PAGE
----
A recent New York Times article chronicling mass starvation and drought in the war-torn impoverished country of Somalia caused millions of affected US citizens to seek humorously-captioned cat photos in a desperate effort to forget what they had just read.

     "I was pretty shaken up" admits 34 year old American, Jonathon Grant. "First came the outrage and devastation. Then came an understanding of the changes I would need to make in my life in order to make a difference. And then lastly, a fleeting tinge of guilt after realizing that if I could just manage to forget about the existence of those half million people suffering, I could go on living my life like it isn’t happening." 

     Jonathon was among millions of Americans who sought refuge from real-world problems by visiting the popular internet site Icanhascheezburger.com, which features photos of felines in amusing poses, typically accompanied by a caption speculating on the cat's thoughts. According to the site, server activity jumped around 7:15 am and steadily rose throughout the day, as citizens woke up and read the article, processed the gravity of the situation, and immediately began searching for something cute and innocent to help their minds shut out third world realities.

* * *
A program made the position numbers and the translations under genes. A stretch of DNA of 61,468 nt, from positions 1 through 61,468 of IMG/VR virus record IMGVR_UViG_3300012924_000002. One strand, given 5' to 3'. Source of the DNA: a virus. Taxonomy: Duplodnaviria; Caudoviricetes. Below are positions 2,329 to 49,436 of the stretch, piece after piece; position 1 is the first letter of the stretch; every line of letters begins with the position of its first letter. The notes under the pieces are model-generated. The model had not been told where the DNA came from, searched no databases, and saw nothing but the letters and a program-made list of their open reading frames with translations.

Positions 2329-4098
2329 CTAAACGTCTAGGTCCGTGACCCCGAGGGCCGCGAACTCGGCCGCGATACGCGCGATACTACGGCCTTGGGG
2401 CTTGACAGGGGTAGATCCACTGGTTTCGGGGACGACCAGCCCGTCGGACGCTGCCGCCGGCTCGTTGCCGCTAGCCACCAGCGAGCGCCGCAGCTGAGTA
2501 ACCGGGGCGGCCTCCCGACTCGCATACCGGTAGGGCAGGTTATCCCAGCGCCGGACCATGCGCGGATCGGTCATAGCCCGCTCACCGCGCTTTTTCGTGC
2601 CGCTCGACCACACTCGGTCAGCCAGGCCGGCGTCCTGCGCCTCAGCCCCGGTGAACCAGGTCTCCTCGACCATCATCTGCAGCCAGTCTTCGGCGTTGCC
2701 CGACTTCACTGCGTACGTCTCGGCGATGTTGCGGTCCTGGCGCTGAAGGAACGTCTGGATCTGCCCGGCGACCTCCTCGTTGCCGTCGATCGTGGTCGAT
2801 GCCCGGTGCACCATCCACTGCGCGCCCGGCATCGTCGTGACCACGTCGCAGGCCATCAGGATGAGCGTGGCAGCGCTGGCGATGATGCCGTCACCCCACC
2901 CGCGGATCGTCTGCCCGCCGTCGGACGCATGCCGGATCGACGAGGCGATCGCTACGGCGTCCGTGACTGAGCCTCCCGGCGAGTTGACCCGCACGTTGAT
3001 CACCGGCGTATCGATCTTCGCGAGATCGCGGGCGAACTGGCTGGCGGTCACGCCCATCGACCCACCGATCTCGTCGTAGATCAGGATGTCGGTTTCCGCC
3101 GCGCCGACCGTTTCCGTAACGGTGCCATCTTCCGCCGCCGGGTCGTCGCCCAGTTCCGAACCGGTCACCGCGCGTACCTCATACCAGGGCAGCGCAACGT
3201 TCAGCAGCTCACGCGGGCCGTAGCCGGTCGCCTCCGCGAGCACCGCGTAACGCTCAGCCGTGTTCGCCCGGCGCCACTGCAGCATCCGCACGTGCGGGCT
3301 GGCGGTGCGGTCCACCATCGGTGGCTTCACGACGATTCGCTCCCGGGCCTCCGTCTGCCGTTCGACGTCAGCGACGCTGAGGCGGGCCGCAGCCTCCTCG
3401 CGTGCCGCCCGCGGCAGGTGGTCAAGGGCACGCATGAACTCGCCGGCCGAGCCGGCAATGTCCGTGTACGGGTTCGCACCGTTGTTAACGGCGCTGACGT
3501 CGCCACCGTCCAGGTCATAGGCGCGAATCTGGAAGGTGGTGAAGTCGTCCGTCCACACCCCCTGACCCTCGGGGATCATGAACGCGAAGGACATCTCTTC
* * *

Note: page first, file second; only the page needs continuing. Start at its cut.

Website founder Jason Abrams isn't surprised. "I've always supported the theory that all it takes is one justifiable laugh for everything to be right in the world again. Still, it's humbling to know that I'm making such a difference. In America, at least."

     While the New York Times acknowledges the depressing nature of the story, the newspaper remains unapologetic. The journalist who wrote the piece declined an interview, but a close source says she is currently distracting herself from the article’s critical reception by surfing a website dedicated to ridiculing people with mullets.